As U.S. Citizenship and Immigration Services (USCIS) begins adjudicating H-1B petitions subject to the Fiscal Year (FY) 2019 “cap,”—the annual limit on the number of visas that will be made available for newly-hired foreign workers in “specialty occupations”—employers can expect attacks on this popular category to continue.

Congress has defined a “specialty occupation” as requiring “a theoretical and practical application of a body of highly specialized knowledge” and at least a bachelor’s degree “in the specific specialty (or its equivalent)” at the entry-level. Engineers, teachers, accountants, and scientists are examples of “specialty occupations.”

Last year, through a series of increasingly restrictive interpretations, the Trump administration tried to discourage and impede employers from hiring or continuing to employ foreign workers in the H-1B category.

There is a good chance that the administration will repeat its efforts this year.

For instance, USCIS Director L. Francis Cissna confirmed in April 2018 that the agency plans to issue a proposed regulation that would change the “specialty occupation” definition. While the director claims that this regulation would be “consistent” with the law, Congress’ definition of “specialty occupation” is specific in the statute and has no subjective components. Any deviation from that definition will require congressional, not agency action.

The groundwork for this year’s attacks was laid out last year.

On March 31, 2017, USCIS issued a policy memorandum advising that computer programmers in an entry-level position generally would not be considered to qualify as a “specialty occupation.” The timing was troubling, since March 31 was the date on which many employers subject to the annual “cap” on H-1B visa numbers were planning to send their H-1B petitions to USCIS. This left little time for those employers with petitions for entry-level computer programmer positions to respond to the development.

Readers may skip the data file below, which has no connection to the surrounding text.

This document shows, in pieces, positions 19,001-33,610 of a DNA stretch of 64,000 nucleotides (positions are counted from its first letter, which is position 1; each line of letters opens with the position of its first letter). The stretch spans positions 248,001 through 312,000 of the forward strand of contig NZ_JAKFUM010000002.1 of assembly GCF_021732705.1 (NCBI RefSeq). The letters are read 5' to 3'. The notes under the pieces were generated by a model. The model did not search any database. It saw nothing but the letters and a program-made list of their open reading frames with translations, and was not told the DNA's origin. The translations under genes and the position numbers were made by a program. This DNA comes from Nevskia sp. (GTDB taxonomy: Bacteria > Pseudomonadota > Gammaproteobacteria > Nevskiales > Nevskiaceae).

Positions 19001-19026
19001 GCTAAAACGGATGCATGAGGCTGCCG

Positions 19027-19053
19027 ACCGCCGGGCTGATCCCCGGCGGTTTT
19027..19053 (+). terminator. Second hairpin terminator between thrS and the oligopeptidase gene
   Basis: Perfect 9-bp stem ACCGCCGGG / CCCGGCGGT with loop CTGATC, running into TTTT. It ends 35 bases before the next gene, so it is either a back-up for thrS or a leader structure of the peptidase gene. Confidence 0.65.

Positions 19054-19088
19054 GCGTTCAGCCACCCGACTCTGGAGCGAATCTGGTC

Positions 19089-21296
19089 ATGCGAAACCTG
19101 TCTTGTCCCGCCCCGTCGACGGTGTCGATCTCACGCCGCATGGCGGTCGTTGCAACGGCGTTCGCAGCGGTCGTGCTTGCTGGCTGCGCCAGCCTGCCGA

But far more troubling was that USCIS adjudictors began applying the computer programmer memo to other occupations—even though there was no basis in the law or agency policy to do so. USCIS officers began issuing notices to employers questioning how the jobs could be “specialty occupations” when employers had listed a prevailing wage for an entry-level position (a Level 1 wage). An H-1B employer must pay the H-1B worker the higher of the prevailing wage or the wage the employer pays to similarly qualified workers for that occupation at the worksite. The employer includes this wage information on an application certified by the U.S. Department of Labor (DOL). USCIS adjudicators appeared to be taking the computer programmers memo to absurd extremes—claiming that work as a medical resident or a chemist could not be a “specialty occupation” if the employer had identified a Level 1 prevailing wage.

The adjudicators were encroaching on DOL’s authority to determine prevailing wage levels for different occupations and to determine the methods by which an employer can establish both the prevailing wage level and the required wage payment for an H-1B worker. The wage level does not predetermine whether the job is a “specialty occupation.”

Last year, USCIS adjudicators also issued notices of intent to deny H-1B petition extensions because they refused to accept the method—private wage surveys—by which the employers determined the prevailing wage level. This seems to be a more blatant example of USCIS undermining DOL authority. USCIS claims the agency is exercising its authority to determine whether the DOL certification corresponds to the petition. But USCIS is actually attacking the methodology that DOL established, along with DOL’s certification that the method used by the employer was acceptable.

The attack continued in late February 2018, when USCIS issued a policy memorandum requiring additional documentation from H-1B petitioners if an H-1B worker would be placed at the worksite of another business. USCIS asserted its authority to determine whether the job is in a “specialty occupation” as the reason for these additional requirements.

A lawsuit filed in May 2018 maintains that the new requirements conflict with the law and regulations issued by DOL, and that H-1B petitioners are therefore not required by law or regulation to meet these requirements. DOL is the agency that defined “employer” to include those who place employees at other businesses and regulates wage requirements for H-1B workers.

Employer demand remains high, as USCIS received 190,098 petitions for this H-1B FY 2019 “cap” season. Yet, the agency’s continued attack on the category—most recently through overreaching its authority—often requires employers to expend considerable time and additional expense to overcome these challenges. Whether the increased uncertainty about obtaining approval—coupled with the uncertainty of having an H-1B petition selected for adjudication because of the “cap”—will discourage employers from hiring “specialty occupation” workers remains to be seen.

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